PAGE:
It has been well demonstrated that the use of DCB reduces restenosis occurrence in the treatment of femoropopliteal lesions18. In this registry, we report the results at one year of an endovascular strategy for the treatment of calcific CFA lesion, which combines the use of DA and DCB. In particular, the use of an atherectomy device, specifically dedicated to calcified lesions, allowed obtaining a proper lumen enlargement and minimising the occurrence of flow-limiting dissections, even when adjunctive PTA was used, thus limiting the need for stent implantation. This approach could be used in most of the possible CFA lesions (±SFA and/or PFA involvement).
The sustained clinical benefit at one year could be related to the use of DCB in all patients. Finally, our study proposes a combined approach, using DA and DCB, for the endovascular treatment of CFA lesions, a hypothesis that should be tested in a properly sized RCT.
A possible downside of this combined endovascular approach is device cost and the longer procedural time required for using the atherectomy device. This is related to the need for repeated catheter removal/reintroductions and the necessity to empty the reservoir when filled with atherosclerotic debris.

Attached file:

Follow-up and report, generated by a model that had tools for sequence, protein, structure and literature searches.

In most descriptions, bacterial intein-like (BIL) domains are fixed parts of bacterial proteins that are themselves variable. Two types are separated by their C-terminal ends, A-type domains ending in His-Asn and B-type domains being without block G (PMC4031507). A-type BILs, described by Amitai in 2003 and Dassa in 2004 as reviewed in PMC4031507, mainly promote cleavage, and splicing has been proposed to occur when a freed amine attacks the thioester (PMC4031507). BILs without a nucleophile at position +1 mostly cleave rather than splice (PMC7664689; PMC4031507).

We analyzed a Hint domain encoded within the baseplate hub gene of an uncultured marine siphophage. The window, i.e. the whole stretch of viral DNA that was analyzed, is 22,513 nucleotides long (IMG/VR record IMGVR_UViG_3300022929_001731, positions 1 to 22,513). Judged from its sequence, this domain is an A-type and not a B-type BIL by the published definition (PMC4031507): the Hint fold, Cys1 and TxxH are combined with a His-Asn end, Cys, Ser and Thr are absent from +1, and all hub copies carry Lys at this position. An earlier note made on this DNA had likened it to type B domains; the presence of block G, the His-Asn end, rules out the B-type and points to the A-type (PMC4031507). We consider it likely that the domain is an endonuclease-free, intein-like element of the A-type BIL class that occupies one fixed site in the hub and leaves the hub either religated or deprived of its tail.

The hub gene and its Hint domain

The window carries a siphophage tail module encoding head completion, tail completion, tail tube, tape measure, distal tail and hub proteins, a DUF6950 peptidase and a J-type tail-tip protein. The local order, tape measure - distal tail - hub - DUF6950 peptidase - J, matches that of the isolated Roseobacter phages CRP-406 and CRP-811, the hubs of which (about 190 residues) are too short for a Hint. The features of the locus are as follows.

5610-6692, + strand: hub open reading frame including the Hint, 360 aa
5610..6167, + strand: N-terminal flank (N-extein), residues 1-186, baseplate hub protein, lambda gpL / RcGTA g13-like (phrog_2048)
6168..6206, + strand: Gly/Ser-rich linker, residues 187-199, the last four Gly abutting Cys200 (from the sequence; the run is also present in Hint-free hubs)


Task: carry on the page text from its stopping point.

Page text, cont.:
Moreover, it has to be borne in mind that the amount of debulking that can be done with atherectomy, particularly in large calcified eccentric plaque, is not comparable to that which can be done with a femoral endarterectomy. This may have implications in the long term.
The main limitation of this study is the small sample size and the lack of a control group. Thus, it could be considered only a hypothesis-generating study. It provides data that could help the design of a future trial aimed at defining the appropriate endovascular therapy for those patients presenting with calcific lesions of the CFA.
This single-centre prospective study proposes the combined use of DA and DCB as a safe and effective endovascular therapy for the treatment of common femoral artery lesions. This hypothesis should be confirmed in a larger registry and possibly tested in a randomised trial of comparison with standard surgical therapy.
Impact on daily practice
The use of DA in the treatment of CFA lesions improves acute success, by debulking the fibrocalcific portion of the atherosclerotic plaque, but does not affect long-term patency rates. The use of DCB improved long-term patency rates after SFA PTA. This study, by demonstrating that the combined use of DA and DCB for the endovascular treatment of CFA obstructive disease is associated with good clinical outcome at one year, provides an important therapeutic strategy for the treatment of calcific common femoral artery occlusions in daily practice.
Conflict of interest statement
The authors have no conflicts of interest to declare.